At the onset of the Second Constitutional Era in 1908, among the officers there were lieutenants who were 58 years old, captains who were 65 years old and majors who were 80 years old. In 1909 reformation age limits were set (41 for lieutenant, 46 for captains, 52 for majors, 55 for lieutenant colonels, 58 for colonels, 60 for brigadier generals, 65 for generals and 68 for field marshals)

Commissioned officers

Enlisted personnel

In 1908, active duty lengths were set at two years for the infantry, three years for other branches of the Army and five years for the Navy. During the course of the World War, these remained largely theoretical.

Military ranks
Non-commissioned officers
Çavu? Sergeant
Onba Corporal
Nefer Private


In the Ottoman Army, the commissioned officers who receive training relating to their specific military occupational specialty or function in the military called mektepli (educated) officers. There were also commissioned officers who did not receive training, but were put through serving at the ranks at specific periods of time. These commissioned officers were called alayl?. The Ottoman Empire tried to replace alayl? with mektepli officers. A majority of the officers were alayl?. Princes (by birth) and important statesmen (by position) were considered as officers without having received military training or worked through ranks. It is also true that this group may have training on leadership (viziers, governors, etc.) and management generalists (medicine, engineering, etc.).

Ottoman Military Academy

The Academy was formed in 1834 by Mehmed Nam?k Pasha and Marshal Ahmed Fevzi Pasha as the Mekteb-i Harbiye ("War School"), and the first class of officers graduated in 1841. Its formation was a part of the military reforms within the Ottoman Empire as it recognized the need for more educated officers to modernize its army.

Ottoman Armed Forces College

The Ottoman Armed Forces College was founded in 1848. It was renamed the Armed Forces College in 1964.

Ottoman Military College (Staff Officers)

In order to train Staff Officers in the same system as European armies, the 3rd and 4th years were created in the War Academy under the name of "Imperial War School of Military Sciences" General Staff Courses" in 1848. Abdülkerim Pasha was appointed as the first director of these courses. As part of the reorganization efforts of the Ottoman Army, new arrangements were implemented in 1866 for the Staff College and other Military Schools. Through these arrangements, the General Staff training was extended to three years, and with additional military courses a special emphasis was placed on exercises and hands-on training. Although being a staff officer was initially considered as a different military branch in itself, effective from 1867 new programs were implemented to train staff officers for branches like infantry, cavalry and artillery. In 1899, a new system was developed on the basis of the view that the General Staff Courses should train more officers with higher military education in addition to Staff Officers' training. Following this principle, a greater number of officers from the Army War Academy began to be admitted to the Staff College. This process continued until 1908. Following the declaration of the Second Constitutional Period, the structure of the Staff College was rearranged with a new Staff College Regulation dated 4 August 1909. The new designation "General Staff School" passed in October,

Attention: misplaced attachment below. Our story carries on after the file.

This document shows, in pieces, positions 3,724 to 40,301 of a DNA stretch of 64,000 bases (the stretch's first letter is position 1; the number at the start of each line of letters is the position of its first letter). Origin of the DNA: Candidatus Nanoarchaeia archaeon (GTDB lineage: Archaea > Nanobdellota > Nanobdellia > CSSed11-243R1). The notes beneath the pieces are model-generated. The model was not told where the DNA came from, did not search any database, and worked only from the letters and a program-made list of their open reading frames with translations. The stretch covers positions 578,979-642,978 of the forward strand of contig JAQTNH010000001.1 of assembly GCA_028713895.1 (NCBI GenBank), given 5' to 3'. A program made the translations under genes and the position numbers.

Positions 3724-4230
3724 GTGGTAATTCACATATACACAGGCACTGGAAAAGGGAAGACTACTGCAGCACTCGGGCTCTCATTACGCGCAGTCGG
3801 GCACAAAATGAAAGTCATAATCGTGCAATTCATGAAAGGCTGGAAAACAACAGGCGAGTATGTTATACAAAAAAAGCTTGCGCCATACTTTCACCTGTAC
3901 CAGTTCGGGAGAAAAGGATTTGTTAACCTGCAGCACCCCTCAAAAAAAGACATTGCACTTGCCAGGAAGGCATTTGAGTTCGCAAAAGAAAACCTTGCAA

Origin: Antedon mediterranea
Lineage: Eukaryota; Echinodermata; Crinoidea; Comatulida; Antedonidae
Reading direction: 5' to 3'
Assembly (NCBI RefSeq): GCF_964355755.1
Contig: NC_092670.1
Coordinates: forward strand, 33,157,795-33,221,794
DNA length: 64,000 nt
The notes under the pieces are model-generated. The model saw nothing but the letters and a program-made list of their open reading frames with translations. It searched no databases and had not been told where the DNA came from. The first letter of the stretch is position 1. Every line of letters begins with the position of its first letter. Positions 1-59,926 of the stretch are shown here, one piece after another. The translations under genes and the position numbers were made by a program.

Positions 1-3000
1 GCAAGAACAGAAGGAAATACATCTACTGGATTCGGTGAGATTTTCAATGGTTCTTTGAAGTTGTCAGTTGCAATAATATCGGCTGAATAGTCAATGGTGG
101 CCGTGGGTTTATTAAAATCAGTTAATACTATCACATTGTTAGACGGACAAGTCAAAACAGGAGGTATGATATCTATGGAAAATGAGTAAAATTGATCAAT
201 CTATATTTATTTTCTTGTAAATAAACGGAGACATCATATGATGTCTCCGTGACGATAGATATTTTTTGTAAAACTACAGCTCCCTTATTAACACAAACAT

With General Staff School, the practice of direct transition from Army War Academy to Staff College was abolished, and admission into Staff College now required two years of field service following the Army War Academy. Afterward, the officers were subjected to examinations, and those who passed the exam were admitted into the college as Staff Officer candidates. Following the Allied occupation of Constantinople on 16 March 1920, military schools were dissolved by the victors of the First World War; nevertheless, the Staff College was managed to continue its activities until April 1921 at the ?erif Pasha Mansion in Te?vikiye, Constantinople where it had been moved on 28 January 1919. Since all instructors and students went to Anatolia to join the National War of Independence, the Staff College was closed down.

Military missions

The French military system was used before the modern Ottoman Army developed. After defeated by Russia in the war of 1877-78, the Ottoman's reform process commenced with a fundamental revision. The German military system replaced the French one. The first German military mission arrived in Capitol in 1882. It was headed by a cavalry officer named Koehler. He was appointed as his aide-de-camp.

There were three military missions active at the turn of 1914. These were the British Naval Mission led by admiral Limpus, the French Gendarme Mission led by general Moujen, and the German Military Mission led by Goltz.

British military mission